Computational Support for Reading Chicago Reading
The HathiTrust Research Center (HTRC) has selected a project submitted by three of our Studio advisory board members -- Robin Burke (Professor, CDM School of Computing), John Shanahan (Associate Professor, English, LAS), and Ana Lucic (Digital Scholarship Librarian, Richardson Librarian) -- for an Advanced Collaborative Support Award
. This project, called Computational Support for Reading Chicago Reading, is a digital humanities project with an innovation is to combine data from texts, community demographics, circulation records, and social media that can yield predictions about who might be interested in a given book and why and that can help library staff visualize and anticipate the impact of book choices and event scheduling.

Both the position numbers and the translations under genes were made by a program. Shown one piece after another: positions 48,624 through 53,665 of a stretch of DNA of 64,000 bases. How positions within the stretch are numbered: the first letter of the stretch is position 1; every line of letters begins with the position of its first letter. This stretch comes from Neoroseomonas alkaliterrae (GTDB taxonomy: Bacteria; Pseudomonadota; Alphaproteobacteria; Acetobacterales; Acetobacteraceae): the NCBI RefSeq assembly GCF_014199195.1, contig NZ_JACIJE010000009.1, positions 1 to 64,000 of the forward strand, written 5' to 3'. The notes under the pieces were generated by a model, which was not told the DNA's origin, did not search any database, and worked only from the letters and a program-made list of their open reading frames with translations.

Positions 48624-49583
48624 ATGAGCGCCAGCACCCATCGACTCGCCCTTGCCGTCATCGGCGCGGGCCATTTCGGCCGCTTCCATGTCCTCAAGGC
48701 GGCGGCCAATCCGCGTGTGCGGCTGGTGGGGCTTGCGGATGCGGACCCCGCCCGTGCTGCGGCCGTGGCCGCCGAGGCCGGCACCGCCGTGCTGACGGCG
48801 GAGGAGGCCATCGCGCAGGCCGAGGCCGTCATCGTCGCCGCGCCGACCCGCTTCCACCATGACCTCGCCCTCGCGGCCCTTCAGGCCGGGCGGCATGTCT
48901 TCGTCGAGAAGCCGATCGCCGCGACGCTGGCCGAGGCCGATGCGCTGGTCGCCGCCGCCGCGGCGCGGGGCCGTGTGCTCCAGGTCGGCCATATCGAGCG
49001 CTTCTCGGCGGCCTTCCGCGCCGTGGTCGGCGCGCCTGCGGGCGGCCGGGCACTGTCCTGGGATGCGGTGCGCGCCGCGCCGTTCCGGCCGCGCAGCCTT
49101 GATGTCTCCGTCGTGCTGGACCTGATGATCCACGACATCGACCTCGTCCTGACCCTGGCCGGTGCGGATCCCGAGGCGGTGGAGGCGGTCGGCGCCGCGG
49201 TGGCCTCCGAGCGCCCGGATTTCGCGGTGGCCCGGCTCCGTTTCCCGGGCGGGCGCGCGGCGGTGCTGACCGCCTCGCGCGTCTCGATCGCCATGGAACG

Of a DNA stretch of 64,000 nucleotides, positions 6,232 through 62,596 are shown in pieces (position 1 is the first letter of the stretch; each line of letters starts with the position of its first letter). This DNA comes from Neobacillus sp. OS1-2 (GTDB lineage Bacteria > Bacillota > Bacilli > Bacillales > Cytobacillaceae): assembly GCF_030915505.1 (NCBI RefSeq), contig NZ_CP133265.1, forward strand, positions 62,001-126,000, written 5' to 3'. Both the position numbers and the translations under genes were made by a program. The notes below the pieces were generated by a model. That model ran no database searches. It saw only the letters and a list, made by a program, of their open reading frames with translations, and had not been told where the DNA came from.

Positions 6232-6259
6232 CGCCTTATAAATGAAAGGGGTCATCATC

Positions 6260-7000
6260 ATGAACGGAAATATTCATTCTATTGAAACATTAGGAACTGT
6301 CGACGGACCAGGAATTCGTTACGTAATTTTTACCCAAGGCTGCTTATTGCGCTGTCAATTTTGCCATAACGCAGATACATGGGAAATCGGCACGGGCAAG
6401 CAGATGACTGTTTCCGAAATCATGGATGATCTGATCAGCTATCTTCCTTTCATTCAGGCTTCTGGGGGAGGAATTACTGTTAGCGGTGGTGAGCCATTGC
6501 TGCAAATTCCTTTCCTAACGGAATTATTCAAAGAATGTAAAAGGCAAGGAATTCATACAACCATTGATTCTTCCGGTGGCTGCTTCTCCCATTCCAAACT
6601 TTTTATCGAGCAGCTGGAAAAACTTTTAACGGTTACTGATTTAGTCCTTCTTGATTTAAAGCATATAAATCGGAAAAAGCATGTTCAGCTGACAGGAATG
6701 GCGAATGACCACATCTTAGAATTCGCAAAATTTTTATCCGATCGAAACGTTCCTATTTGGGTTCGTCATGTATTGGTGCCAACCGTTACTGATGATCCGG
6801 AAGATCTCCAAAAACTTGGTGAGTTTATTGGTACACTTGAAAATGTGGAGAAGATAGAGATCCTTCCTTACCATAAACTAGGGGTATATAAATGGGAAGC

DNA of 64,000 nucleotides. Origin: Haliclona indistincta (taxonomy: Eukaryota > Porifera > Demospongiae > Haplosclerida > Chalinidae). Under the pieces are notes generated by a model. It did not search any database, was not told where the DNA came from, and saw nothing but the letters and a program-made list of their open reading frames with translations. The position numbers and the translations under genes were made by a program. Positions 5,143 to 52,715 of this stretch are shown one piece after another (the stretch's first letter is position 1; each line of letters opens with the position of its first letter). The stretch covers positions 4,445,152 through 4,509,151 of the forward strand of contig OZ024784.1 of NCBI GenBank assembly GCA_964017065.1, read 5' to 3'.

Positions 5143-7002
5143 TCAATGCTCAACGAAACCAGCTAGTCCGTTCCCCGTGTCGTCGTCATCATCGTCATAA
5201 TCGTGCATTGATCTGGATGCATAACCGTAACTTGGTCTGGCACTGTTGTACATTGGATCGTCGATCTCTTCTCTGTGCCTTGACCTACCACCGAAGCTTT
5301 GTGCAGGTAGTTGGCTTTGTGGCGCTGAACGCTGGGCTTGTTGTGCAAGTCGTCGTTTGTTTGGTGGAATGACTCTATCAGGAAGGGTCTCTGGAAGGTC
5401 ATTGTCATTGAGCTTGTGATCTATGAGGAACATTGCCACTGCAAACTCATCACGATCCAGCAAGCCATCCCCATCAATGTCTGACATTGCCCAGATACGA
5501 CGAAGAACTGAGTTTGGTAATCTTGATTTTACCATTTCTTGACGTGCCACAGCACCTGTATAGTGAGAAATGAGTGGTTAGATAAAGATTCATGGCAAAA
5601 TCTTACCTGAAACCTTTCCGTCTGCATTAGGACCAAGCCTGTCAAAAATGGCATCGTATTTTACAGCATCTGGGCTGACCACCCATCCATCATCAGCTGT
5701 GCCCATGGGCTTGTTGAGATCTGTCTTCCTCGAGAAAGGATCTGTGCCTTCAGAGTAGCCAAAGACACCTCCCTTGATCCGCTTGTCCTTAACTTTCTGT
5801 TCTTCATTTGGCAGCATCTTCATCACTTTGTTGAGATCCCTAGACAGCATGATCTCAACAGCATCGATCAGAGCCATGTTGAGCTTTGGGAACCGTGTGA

Joanna Gardner-Huggett (LAS) has been guiding her current art historical research by focusing on mapping and spatial analysis regarding two Chicago feminist arts collectives that began in 1973: Artemisia, which lasted until 2003, and the still-operating ARC.
This set of projects by Lisa Dush (LAS) pairs graduate students in DePaul University’s MA program in Writing, Rhetoric, and Discourse with Chicago-area nonprofit organizations, to develop and deploy new media storytelling and digital writing projects together. Lisa has also been working on a database called Stories That Work
, which features collections of digital personal experience narratives made by nonprofits and cause initiatives.
Euan Hague (LAS) has been mapping for the Young Lords project, which conveys the ongoing struggle for fair housing, self-determination, and human rights. In the 1960s the Young Lords brought out the question of self-determination for Puerto Rico on a mass, national level with the slogan, "Tengo Puerto Rico en mi corazon." This project is dedicated to documenting the history of the displacement of Puerto Ricans, Mejicanos, other Latinos, and the poor from Lincoln Park, as well as the history of the Young Lords nationwide.